In the past few weeks, investors have bid up the share prices of companies such as GameStop Corp. and AMC Entertainment Holdings Inc., as short sellers have bet against them. Here is an analysis of the challenges and prospects for these businesses.
GameStop is trying to survive a yearslong erosion of its business, which has relied for nearly four decades on people visiting its bricks-and-mortar stores to buy the latest videogames and consoles, as well as to trade-in and purchase used games and gear.
The company has been stung by mounting competition from retail giants such as Amazon.com Inc. and Walmart Inc., and the advancement of technology that enables people to download games directly from consoles and computers instead of buying hard copies. It has also gone through a period of high executive turnover with Chief Executive George Sherman, a longtime retail executive who joined GameStop in 2019, being the fifth person to hold the role since November 2017.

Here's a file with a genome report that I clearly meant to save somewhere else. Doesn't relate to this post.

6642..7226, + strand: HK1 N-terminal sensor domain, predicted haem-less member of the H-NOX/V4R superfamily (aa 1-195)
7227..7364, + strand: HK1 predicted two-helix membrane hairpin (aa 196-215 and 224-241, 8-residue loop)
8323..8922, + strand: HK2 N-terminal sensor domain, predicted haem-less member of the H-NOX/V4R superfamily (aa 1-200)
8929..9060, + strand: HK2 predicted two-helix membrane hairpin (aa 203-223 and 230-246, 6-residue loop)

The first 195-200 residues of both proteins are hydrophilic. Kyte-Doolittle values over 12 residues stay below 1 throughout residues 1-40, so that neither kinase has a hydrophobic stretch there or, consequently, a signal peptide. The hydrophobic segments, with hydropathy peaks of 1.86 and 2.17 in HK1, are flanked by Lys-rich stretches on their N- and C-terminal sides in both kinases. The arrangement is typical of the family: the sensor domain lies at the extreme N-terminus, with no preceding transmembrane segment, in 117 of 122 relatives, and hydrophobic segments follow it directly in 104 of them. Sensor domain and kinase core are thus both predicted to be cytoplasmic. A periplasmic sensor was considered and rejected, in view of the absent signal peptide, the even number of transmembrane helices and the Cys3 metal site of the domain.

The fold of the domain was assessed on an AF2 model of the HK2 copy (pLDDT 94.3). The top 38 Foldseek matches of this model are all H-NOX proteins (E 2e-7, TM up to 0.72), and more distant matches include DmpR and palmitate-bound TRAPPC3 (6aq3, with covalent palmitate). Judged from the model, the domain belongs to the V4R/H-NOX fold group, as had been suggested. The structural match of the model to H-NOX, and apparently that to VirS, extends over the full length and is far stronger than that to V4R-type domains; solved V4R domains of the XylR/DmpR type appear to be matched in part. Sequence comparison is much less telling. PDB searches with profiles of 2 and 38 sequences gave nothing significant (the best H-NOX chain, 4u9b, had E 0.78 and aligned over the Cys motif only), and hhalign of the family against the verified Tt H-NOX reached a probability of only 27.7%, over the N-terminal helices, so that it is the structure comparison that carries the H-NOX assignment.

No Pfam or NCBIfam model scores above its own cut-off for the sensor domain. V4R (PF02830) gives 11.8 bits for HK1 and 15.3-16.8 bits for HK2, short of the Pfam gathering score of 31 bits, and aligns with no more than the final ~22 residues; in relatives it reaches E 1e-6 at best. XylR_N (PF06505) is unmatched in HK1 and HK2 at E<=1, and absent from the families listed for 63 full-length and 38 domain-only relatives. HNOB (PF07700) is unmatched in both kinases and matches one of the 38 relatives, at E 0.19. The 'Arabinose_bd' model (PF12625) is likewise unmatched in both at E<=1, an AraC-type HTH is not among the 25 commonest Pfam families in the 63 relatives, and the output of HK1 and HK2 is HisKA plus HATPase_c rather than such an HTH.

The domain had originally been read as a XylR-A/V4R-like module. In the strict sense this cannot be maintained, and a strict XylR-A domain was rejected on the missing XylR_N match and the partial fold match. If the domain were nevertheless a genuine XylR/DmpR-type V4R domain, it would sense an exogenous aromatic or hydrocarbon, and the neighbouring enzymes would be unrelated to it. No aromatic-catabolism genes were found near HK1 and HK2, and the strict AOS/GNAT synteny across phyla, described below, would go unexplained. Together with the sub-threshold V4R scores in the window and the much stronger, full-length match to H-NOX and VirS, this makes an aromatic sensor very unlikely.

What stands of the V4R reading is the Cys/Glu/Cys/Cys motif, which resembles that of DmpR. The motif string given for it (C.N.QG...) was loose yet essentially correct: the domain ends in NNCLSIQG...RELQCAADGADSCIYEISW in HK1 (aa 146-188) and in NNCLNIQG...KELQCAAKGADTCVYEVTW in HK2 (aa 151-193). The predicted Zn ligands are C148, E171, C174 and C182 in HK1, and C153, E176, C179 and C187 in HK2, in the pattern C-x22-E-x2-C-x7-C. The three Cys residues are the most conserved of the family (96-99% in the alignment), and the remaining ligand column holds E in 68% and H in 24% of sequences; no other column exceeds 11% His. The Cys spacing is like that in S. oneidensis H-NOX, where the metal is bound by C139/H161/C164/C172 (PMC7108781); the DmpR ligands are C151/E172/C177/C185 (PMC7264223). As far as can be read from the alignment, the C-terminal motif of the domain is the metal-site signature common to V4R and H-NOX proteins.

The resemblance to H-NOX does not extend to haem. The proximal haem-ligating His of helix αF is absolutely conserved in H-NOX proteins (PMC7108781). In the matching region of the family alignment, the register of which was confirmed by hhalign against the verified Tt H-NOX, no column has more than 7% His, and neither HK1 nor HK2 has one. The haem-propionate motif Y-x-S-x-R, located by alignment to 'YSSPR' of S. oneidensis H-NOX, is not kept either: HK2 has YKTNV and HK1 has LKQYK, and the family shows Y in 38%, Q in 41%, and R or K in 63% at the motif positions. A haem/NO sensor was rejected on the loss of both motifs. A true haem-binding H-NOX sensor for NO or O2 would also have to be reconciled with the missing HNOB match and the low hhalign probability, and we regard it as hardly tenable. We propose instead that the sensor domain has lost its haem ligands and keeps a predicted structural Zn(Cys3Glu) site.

To preserve its business, Grapevine, Texas,-based GameStop has been working to pay down debt and pledged to accelerate its e-commerce operations. In the recent holiday season, the company’s e-commerce sales rose more than 300% from the comparable year-earlier period, helped by the release of new videogame consoles from Microsoft Corp. and Sony Corp.
One of GameStop’s newest board members, Chewy Inc. co-founder Ryan Cohen, urged the company last year to exit underperforming stores in the U.S. He also called for the company to close nonessential operations in Europe and Australia and use the proceeds to make tech improvements, such as revamping GameStop’s online store.
This content was originally published here.